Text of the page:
Davis Campus to host Brampton Board of Trade mayoral debate


Sheridan College will be playing host to the upcoming Brampton Board of Trade’s mayoral debate.

The Sept. 29 event, which will include only five of the 14 mayoral candidates, has caused quite a stir among those candidates not invited.

“When the [Brampton] Board of Trade decided to invite only four candidates, all of the white, I questioned their decision,” said Devinder Sangha, one of Brampton’s mayoral candidates.


The debate was to originally be between Linda Jeffrey, Susan Fennell, John Sanderson and Donald McLeod, all white candidates and all previously elected officials.

According to Alex Mori, communications director at the Brampton Board of Trade the decision was based solely on a member’s survey.

“They indicated they wanted those four candidates,” said Alex Hori, communications director at the Brampton Board of Trade. “The allegations [of racism] are unfounded and untrue.”

Linda Jeffrey, currently the voter favourite according to Forum Research polls, has no problem with the format.

“When the [Brampton] Board of Trade decided to invite only four candidates, all of the white, I questioned their decision,” – Brampton mayoral candidate, Devinder Sangha.

“We all knew the rules going in and the members chose who they wanted to hear from. I respect the rules and the parameters of the debate that the Board of Trade put together,” she said. “I think there are lots of ways to ensure that voters have access to elected officials and can make an informed choice as to who their best candidate should be.”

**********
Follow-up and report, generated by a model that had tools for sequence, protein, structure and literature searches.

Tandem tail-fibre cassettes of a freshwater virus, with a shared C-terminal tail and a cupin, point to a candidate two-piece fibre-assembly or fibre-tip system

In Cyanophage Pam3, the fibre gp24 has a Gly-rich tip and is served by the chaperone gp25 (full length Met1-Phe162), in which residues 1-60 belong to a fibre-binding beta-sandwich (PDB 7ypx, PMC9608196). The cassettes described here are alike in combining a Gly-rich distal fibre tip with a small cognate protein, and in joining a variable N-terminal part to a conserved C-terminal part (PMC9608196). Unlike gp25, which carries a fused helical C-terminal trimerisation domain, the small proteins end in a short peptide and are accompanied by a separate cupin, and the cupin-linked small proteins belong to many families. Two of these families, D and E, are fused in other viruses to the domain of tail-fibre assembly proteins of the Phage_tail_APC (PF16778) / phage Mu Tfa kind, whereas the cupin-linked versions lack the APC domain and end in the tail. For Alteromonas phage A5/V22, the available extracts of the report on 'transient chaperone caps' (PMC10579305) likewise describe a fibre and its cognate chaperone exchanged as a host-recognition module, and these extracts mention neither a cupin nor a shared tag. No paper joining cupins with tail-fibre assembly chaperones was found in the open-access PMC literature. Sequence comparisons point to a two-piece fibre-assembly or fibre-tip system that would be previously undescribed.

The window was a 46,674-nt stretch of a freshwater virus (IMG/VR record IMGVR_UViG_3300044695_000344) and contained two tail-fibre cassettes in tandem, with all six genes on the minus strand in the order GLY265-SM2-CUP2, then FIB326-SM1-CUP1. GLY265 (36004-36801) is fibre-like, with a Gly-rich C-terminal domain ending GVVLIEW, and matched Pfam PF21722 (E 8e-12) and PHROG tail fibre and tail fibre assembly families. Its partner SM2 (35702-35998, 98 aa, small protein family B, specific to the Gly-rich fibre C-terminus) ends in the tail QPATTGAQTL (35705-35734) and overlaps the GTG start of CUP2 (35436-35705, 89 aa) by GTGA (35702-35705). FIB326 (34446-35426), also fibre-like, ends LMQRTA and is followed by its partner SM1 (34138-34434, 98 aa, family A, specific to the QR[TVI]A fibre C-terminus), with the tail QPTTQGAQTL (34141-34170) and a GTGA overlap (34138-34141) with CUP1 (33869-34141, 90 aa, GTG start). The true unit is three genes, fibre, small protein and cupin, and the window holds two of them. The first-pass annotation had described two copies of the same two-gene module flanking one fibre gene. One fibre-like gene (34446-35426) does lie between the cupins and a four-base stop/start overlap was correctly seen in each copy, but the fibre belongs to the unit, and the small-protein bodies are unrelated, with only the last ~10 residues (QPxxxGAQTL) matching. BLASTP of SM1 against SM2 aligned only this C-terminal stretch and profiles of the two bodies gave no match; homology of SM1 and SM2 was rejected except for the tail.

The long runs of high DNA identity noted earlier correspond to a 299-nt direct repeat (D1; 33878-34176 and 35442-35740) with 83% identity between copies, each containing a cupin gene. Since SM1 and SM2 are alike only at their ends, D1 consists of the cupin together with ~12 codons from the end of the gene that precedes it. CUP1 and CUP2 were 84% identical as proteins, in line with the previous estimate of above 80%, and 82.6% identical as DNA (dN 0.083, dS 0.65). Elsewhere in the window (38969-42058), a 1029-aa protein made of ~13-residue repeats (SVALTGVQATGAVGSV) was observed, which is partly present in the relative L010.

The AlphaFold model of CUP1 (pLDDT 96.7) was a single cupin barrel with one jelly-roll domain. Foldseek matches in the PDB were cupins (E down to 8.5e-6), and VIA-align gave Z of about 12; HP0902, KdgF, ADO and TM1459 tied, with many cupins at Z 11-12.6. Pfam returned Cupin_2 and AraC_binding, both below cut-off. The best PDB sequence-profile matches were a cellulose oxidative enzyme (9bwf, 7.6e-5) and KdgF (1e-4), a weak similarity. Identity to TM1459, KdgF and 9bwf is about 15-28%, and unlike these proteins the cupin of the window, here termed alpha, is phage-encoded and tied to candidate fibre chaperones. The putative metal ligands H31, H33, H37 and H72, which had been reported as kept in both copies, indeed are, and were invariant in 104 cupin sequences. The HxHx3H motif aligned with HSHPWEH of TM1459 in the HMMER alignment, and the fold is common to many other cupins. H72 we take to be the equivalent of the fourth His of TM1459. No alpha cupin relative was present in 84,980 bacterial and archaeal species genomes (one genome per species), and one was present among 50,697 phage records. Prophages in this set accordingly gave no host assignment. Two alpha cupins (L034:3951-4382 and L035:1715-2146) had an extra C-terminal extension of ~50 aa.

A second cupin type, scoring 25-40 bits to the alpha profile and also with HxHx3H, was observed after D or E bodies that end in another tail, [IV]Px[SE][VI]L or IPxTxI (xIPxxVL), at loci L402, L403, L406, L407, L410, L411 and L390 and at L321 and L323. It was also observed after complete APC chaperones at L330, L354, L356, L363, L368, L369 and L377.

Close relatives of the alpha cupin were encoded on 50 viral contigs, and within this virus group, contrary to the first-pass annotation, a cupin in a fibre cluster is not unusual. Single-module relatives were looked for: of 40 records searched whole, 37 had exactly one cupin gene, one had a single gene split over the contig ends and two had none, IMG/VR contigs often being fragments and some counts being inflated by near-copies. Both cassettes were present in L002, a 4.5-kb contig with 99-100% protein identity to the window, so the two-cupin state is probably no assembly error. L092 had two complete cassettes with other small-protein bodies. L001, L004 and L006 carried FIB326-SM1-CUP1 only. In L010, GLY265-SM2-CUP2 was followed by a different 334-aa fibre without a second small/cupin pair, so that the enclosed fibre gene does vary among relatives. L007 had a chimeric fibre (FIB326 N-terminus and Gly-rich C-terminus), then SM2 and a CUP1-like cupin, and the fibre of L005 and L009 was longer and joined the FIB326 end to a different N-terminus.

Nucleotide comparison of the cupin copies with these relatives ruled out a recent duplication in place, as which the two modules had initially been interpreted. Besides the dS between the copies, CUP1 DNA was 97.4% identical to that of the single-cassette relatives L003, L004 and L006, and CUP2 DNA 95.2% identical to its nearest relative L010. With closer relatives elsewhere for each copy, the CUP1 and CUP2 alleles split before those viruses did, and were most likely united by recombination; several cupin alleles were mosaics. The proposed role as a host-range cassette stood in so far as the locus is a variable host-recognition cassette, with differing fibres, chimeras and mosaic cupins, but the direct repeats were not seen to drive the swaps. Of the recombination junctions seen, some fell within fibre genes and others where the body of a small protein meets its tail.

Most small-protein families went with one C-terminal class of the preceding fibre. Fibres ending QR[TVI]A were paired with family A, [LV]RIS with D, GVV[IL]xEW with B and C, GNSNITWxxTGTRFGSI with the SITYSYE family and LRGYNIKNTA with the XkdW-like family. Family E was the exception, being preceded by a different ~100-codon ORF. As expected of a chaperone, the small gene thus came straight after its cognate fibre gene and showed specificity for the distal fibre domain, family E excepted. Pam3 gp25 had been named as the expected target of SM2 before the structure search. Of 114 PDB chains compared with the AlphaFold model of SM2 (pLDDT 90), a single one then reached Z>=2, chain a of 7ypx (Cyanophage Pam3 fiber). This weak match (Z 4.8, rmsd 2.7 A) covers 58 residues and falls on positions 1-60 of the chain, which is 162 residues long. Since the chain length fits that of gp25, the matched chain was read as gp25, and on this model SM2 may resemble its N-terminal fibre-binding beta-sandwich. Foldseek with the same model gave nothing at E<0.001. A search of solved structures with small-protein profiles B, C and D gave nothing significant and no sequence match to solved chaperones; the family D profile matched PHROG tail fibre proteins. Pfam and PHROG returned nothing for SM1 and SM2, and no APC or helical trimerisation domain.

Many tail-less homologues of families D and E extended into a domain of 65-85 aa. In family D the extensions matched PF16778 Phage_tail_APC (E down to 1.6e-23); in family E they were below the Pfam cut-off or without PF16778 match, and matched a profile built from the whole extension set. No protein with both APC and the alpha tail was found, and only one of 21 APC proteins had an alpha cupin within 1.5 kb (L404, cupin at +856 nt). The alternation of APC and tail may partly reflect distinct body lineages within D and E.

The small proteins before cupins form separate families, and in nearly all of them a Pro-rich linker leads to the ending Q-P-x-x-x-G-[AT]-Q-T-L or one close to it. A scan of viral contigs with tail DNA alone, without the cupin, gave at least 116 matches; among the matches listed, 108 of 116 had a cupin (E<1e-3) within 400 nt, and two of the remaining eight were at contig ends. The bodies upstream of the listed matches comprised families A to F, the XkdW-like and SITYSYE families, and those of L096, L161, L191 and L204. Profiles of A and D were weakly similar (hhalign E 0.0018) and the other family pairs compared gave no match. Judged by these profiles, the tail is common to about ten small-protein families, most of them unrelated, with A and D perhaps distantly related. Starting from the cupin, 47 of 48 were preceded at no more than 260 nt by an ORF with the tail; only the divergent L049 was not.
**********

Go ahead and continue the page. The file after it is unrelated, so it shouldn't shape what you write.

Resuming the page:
Mayor Fennell was dropped from the debate after threatening to boycott the event on Sept. 12.

A decision that had nothing to do with mayor Fennell’s actions, Hori said. “We didn’t force her to boycott the debate. We were fairly clear on our position.”

Jeffrey feels the same way.

“It’s unfortunate the mayor chose to threaten the Board of Trade, she knew what the rules were,” she said.

The board replaced Fennell with Jacqueline Bell and Hargy Randhawa, both visible minorities.

For Sangha it’s not enough.

“How would you get the perspective of what the visible minorities feel simply having these elected officials paying lip service? They’ll go to a Sikh temple, go to a Hindu temple, go to a mosque or to a synagogue, but saying one line in another language will not solve the systemic problem [of racism],” said Sangha.

Another mayoral candidate also excluded from the Board of Trade’s debate, Baljit Bobby More, thinks limiting the number of participants is a disservice to voters.

“I believe we need change in the city. We need to build a system of trust,” he said. “We want people to know what we stand for.”

Jeff Zabudsky, president of Sheridan College and a former member of the Board of Trade believes that regardless of the controversy the debate is a good opportunity for the school.

“Debates, particularly when they’re in municipal politics… there’s always the question of who gets invited,” he said.

The debate is at 7:30 p.m. at Davis Campus. It is open to members of the board and to the media.